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The Good, The Bad and The Ugly: Oklahoma

The Longhorns dominated Oklahoma for most of the game on Saturday, but still have some things to clean up if they wish to continue their success

Tim Heitman, USA TODAY Sports



Raise your hand if you had the Longhorns winning 5 straight after the season opening loss to Maryland. Well, it has happened. For the first time since 2015, the Longhorns won the Red River Showdown and now find themselves at No. 9 in the AP rankings. Despite the 48-45 outcome, Texas looked like the superior team for the majority of the game. There was a lot of good to take away from the victory in the Cotton Bowl, but anytime a team scores 45 points and almost completes a 21-point comeback, there is improvement to be made. Let’s take a look at some key takeaways from the biggest win so far in the Tom Herman era:

The Good

Sam Ehlinger

The Sophomore played the best game of his career on Saturday, throwing for 314 yards and a pair of scores while adding 72 yards and 3 touchdowns on the ground. Ehlinger had his 4th straight game without a turnover and 5th straight game without an interception. Even after the offense stalled during the 4th quarter, Ehlinger still orchestrated a drive to set up the game-winning field goal.

The most notable thing when comparing this year’s Oklahoma game to 2017 is the progress Ehlinger has made as a passer. Ehlinger spent much of the game in 2017 bailing out of the pocket and having to make throws on the run. On Saturday, he did a much better job of trusting his protection, stepping up in the pocket and making throws that he simply did not make a year ago.

Cameron Dicker

With the game on the line, Texas sent a true freshman deep snapper, a true freshman holder and a true freshman kicker out onto the field. The result? A game-winning 40-yard field goal right down the middle. The mental side of kicking is just as important as the physical aspect, and Cameron Dicker did not let the moment be too big. Dicker is now 7 for 10 on field goals for the season, but he probably won’t have a bigger kick then the one he sent through the goalpost with 9 seconds left on Saturday afternoon.

Offensive Efficiency

Excluding the play the Longhorns ran to end the first half, Texas had 12 possessions against Oklahoma. 8 of those possessions ended in a touchdown or field goal. A lot of credit goes to the offensive staff, who devised a game plan that clearly exploited the weaknesses of the Oklahoma defense. Collin Johnson and Lil’Jordan Humphrey had a themselves day against the Sooners secondary, and Oklahoma had no answer for the QB sweep in short yardage situations. Ultimately, the performance of the Texas offense cost Oklahoma defensive coordinator Mike Stoops his job. It was the best the Texas offense has looked under Tom Herman.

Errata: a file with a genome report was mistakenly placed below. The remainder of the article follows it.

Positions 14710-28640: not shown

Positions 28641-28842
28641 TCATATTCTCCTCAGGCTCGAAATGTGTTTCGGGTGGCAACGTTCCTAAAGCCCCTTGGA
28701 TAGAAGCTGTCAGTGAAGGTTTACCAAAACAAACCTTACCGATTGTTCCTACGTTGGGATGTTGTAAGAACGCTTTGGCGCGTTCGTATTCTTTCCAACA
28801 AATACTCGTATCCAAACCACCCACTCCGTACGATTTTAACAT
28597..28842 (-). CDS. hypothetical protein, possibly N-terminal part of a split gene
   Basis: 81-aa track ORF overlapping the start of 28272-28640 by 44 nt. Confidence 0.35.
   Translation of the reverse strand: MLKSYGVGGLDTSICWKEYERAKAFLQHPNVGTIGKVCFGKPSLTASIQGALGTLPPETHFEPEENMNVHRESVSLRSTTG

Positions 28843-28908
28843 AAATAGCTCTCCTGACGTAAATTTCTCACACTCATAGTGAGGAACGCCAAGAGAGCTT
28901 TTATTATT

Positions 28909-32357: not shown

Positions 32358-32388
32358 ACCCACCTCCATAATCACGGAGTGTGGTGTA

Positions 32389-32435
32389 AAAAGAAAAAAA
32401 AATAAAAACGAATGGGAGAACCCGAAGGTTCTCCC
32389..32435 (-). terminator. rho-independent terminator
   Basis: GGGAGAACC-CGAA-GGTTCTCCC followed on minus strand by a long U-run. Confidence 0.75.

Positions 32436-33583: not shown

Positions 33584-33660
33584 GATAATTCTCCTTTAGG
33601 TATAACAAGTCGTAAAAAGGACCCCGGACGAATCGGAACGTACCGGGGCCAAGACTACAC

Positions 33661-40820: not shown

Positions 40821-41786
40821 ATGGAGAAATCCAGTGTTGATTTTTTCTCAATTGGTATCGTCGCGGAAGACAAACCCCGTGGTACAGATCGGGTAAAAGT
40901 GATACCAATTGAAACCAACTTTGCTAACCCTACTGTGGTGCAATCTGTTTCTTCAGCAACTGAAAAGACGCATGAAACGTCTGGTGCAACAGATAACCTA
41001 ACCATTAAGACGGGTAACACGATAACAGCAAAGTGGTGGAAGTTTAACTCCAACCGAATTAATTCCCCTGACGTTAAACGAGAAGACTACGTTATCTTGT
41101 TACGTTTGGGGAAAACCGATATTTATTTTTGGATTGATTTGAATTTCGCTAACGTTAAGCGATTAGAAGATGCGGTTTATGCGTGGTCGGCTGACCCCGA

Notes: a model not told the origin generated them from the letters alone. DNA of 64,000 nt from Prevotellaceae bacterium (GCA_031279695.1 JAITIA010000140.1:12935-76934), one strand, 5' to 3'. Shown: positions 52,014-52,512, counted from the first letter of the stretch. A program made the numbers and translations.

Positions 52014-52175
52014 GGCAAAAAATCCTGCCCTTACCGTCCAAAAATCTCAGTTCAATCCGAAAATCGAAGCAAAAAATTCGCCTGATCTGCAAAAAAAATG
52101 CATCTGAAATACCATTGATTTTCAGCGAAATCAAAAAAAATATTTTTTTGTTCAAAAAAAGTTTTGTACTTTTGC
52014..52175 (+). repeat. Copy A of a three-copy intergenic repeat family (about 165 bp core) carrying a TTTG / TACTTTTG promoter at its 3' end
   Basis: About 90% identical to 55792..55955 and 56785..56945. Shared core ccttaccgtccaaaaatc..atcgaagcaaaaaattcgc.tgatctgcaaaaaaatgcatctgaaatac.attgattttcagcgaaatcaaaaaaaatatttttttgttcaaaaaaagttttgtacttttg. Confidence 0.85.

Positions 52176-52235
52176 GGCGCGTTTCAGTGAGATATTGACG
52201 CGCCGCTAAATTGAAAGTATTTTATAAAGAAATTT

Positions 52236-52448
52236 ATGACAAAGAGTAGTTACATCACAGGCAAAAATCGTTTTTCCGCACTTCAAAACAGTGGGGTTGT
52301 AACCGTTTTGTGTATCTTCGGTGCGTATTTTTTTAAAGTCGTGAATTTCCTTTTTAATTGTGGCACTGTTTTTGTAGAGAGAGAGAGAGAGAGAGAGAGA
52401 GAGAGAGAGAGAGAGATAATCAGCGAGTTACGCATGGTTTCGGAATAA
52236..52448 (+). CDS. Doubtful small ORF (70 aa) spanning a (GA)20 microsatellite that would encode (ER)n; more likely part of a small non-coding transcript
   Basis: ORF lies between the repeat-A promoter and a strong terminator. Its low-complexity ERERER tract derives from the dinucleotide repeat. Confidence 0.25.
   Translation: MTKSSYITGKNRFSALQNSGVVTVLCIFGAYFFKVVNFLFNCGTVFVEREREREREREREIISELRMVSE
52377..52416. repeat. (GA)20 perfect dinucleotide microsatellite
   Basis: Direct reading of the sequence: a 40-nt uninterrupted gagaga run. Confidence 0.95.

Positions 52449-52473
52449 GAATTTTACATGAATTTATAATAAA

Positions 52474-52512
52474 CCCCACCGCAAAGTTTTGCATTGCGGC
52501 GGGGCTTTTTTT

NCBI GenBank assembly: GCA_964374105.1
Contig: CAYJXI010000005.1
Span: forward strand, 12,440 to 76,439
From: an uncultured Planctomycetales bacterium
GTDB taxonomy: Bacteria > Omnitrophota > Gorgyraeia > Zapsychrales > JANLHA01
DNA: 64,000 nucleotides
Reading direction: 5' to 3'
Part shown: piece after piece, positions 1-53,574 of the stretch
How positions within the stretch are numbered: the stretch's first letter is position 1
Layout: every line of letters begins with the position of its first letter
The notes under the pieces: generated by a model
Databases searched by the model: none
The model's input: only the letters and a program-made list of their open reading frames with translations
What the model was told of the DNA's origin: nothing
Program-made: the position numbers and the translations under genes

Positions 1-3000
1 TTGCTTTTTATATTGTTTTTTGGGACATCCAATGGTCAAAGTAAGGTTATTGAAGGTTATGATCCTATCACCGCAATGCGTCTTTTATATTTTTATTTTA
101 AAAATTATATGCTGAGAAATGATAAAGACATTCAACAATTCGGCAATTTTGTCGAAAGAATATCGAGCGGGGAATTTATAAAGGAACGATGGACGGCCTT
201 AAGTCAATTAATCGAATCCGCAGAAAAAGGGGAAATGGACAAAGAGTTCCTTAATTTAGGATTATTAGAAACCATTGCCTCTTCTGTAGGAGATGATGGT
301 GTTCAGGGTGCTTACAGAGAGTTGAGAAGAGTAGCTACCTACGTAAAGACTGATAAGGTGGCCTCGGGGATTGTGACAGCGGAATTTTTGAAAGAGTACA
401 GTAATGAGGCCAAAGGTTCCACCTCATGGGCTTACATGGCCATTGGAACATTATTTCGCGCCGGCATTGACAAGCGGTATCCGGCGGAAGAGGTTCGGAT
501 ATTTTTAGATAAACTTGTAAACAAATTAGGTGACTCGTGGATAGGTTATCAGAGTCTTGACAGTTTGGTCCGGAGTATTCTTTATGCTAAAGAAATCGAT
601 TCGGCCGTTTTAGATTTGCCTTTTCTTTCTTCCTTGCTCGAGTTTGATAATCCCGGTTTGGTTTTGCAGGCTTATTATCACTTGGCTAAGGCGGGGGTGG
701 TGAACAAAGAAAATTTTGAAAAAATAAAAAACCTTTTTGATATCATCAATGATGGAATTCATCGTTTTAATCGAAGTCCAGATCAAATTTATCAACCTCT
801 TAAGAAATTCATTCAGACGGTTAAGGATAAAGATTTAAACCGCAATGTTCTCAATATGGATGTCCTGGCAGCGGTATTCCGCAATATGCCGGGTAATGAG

The Bad

Containing Marquise Brown

Kyler Murray’s number one target had a big game against the Longhorns, catching 9 passes for 131 yards and 2 touchdowns. The majority of Brown’s damage came on a 77-yard touchdown pass where he ran right by the Texas secondary, which was still trying to get set. The junior was utilized all over the field and the Longhorns struggled to contain him.

Stopping the Run

Oklahoma averaged a whopping 7.2 yards per carry despite not having a rusher go over 100 yards. Texas seemed content with forcing OU to beat them on the ground, and Lincoln Riley did a good job of running the ball in passing situations. The Longhorns were gashed up the middle several times, and of course Murray had the 67-yard scamper in the 4th quarter for a TD. It was a game to forget for Gary Johnson and Anthony Wheeler, both of whom struggled diagnosing plays. The Sooners boast one of the best offensive lines in the Big 12, so it wasn’t surprising to see Oklahoma have success running the ball.

The Ugly

Giving up a 21-point Lead

During Kyler Murray’s senior season of high school, I went to watch Allen take on Dallas Skyline in a playoff game at SMU’s Gerald Ford Stadium. Skyline, featuring current Texas LB Anthony Wheeler, jumped out to a 3-score lead late in the 3rd quarter. Then, it happened. Kyle Murray worked his magic and Allen scored on 3 straight possessions, totaling about 10 plays. Murray is at his best when his back is against the wall, and hasn’t gone this long without a loss by accident. Up by 21 on Saturday, the Texas defense allowed Oklahoma to claw back in the game by giving up huge chunk plays to Murray and the Sooners offense.

The good news is that Texas won the game, but the Longhorns have a lot to clean up on the defensive side of the ball, particularly tackling in the open field, linebacker play and assignments in the secondary.

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Jameson McCausland is originally from Frisco, Texas, where he grew up a Longhorn fan. His two favorite sports are football and baseball, both of which he covers for HornSports. He enjoys spending time with family and friends in his spare time. Jameson is a graduate of the University of Texas at Austin.

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